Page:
- Office of United States Chief of Counsel For Prosecution of Axis Criminality (1946). "Chapter XV: Criminality of Groups and Organizations – 5. Die Schutzstaffeln" (PDF, 46.2 MB). Nazi Conspiracy and Aggression. Volume II. Washington, D.C.: USGPO. p. 220. OCLC 315871222.
- Stein, Stuart D (8 January 1999). "The Schutzstaffeln (SS) – The Nuremberg Charges, Part I". Web Genocide Documentation Centre. University of the West of England. Retrieved 2010-07-10.
- Paul Meier-Benneckenstein, Deutsche Hochschule für Politik Titel: Dokumente der Deutschen Politik, Volume 4, Junker und Dünnhaupt Verlag, Berlin, 2. ed., 1937; speech held on 10th of September 1936; In German: "... das Untermenschentum, das in jedem Volke als Hefe vorhanden ist ...".
- Quality of Life: The New Medical Dilemma edited by James J. Walter, Thomas Anthony Shannon page 63
- Pelt, Robert-Jan van (January 1994). "Auschwitz: From Architect's Promise to Inmate's Perdition". Modernism/Modernity 1 (1): 80–120, here p. 97. doi:10.1353/mod.1994.0013. ISSN 1071-6068.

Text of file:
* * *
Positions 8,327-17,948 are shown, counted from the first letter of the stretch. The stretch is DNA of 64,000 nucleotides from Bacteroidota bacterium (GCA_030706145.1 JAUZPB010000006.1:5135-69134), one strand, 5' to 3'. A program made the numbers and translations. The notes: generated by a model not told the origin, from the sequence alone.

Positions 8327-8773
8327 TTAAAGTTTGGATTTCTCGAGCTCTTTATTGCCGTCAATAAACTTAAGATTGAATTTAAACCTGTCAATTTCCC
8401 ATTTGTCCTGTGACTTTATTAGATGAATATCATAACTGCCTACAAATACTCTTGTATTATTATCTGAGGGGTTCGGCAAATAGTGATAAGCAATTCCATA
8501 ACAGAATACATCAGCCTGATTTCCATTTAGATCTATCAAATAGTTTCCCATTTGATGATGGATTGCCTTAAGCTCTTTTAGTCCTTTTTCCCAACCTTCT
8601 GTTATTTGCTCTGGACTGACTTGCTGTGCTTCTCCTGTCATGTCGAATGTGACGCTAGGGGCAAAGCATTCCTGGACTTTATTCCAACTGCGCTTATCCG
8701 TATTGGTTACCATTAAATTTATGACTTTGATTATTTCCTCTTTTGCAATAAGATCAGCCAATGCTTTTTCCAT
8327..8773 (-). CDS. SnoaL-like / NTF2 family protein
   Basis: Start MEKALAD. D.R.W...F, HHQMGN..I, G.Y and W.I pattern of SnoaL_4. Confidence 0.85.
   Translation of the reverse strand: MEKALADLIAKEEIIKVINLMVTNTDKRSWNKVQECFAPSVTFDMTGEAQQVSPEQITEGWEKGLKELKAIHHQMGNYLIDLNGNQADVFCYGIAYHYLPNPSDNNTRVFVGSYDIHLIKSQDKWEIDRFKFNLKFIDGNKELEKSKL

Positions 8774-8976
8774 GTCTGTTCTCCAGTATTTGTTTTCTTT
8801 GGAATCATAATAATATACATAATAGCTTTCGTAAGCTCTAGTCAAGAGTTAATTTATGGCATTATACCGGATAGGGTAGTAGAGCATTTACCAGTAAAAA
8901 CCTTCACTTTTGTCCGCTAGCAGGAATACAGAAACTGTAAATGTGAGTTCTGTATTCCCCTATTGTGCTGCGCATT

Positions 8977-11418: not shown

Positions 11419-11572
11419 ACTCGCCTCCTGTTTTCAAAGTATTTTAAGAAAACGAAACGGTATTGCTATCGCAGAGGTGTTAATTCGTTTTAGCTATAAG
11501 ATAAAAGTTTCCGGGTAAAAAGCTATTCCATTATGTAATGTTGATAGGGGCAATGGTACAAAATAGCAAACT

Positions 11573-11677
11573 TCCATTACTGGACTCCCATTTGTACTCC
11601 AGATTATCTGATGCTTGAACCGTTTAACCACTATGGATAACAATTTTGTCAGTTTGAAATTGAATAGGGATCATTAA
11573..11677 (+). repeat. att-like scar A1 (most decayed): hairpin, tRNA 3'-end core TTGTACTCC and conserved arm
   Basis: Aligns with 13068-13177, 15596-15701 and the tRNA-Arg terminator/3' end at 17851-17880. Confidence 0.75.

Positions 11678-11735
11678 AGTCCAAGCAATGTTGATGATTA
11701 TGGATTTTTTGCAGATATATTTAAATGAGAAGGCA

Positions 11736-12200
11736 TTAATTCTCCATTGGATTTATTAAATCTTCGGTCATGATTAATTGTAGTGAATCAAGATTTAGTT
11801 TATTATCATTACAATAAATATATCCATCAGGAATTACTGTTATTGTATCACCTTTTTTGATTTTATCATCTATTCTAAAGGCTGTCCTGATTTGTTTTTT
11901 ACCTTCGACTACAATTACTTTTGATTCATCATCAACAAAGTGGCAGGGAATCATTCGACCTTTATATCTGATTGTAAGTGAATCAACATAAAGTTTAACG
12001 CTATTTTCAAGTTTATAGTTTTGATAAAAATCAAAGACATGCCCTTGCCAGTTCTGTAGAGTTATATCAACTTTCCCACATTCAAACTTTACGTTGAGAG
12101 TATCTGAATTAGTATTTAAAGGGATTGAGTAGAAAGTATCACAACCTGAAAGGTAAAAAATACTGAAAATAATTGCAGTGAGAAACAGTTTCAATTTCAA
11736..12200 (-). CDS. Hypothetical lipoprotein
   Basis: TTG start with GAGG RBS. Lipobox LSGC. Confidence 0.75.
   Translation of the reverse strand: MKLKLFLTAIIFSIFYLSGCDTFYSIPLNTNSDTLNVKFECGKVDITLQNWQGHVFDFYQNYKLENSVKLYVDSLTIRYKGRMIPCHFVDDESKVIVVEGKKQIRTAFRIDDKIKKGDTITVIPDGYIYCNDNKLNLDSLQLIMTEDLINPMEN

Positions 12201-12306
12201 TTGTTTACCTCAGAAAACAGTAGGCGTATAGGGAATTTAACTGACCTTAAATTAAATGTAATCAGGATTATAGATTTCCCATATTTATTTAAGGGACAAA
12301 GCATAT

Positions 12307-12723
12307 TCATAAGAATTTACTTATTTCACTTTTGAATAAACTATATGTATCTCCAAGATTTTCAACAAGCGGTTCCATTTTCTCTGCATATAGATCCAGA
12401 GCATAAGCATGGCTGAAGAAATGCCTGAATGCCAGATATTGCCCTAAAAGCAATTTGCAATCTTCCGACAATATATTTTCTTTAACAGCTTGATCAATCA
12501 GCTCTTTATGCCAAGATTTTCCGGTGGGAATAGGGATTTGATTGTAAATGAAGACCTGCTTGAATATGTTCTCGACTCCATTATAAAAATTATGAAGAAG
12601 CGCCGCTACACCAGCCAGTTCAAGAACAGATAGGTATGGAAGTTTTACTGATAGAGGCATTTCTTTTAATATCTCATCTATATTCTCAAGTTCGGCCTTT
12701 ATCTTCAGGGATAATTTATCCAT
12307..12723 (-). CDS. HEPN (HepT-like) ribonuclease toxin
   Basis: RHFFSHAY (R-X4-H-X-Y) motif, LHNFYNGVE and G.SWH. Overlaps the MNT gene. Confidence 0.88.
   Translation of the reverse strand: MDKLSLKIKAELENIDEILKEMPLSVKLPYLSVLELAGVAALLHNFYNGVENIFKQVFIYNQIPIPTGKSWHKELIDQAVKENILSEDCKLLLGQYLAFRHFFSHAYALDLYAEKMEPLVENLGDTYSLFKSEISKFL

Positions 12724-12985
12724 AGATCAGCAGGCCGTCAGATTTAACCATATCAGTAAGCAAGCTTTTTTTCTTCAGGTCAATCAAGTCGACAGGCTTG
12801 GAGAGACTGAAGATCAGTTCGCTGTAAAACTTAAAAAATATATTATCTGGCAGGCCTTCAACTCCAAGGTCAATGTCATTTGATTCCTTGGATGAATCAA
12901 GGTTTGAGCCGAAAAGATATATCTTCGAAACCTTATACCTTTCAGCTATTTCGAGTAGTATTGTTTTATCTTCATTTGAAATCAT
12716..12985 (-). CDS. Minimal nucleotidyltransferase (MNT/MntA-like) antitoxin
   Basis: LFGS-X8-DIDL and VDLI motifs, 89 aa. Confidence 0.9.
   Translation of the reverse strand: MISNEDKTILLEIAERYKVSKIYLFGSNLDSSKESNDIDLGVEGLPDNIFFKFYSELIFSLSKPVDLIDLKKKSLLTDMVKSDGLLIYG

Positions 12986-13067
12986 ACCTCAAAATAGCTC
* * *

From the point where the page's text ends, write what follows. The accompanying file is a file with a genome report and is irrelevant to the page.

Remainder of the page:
- "Hitler's Plans for Eastern Europe". Northeastern University. Archived from the original on 2012-05-27. Retrieved 2010-07-10.
- The Nazis considered any human being in the “east,” usually the Slavs, as “sub- human” only fit for slavery to the Germans. “Nazi racist ideology defined the Slavic peoples of Russia and Eastern Europe as an inferior race of Untermenschen.
Call from the Cave: Our Cruel Nature and Quest for Power - Page 278 Jon Huer.
- Sealing Their Fate (Large Print 16pt) By David Downing page 49
- Native Realm: A Search for Self Definition By Czeslaw Milosz page 132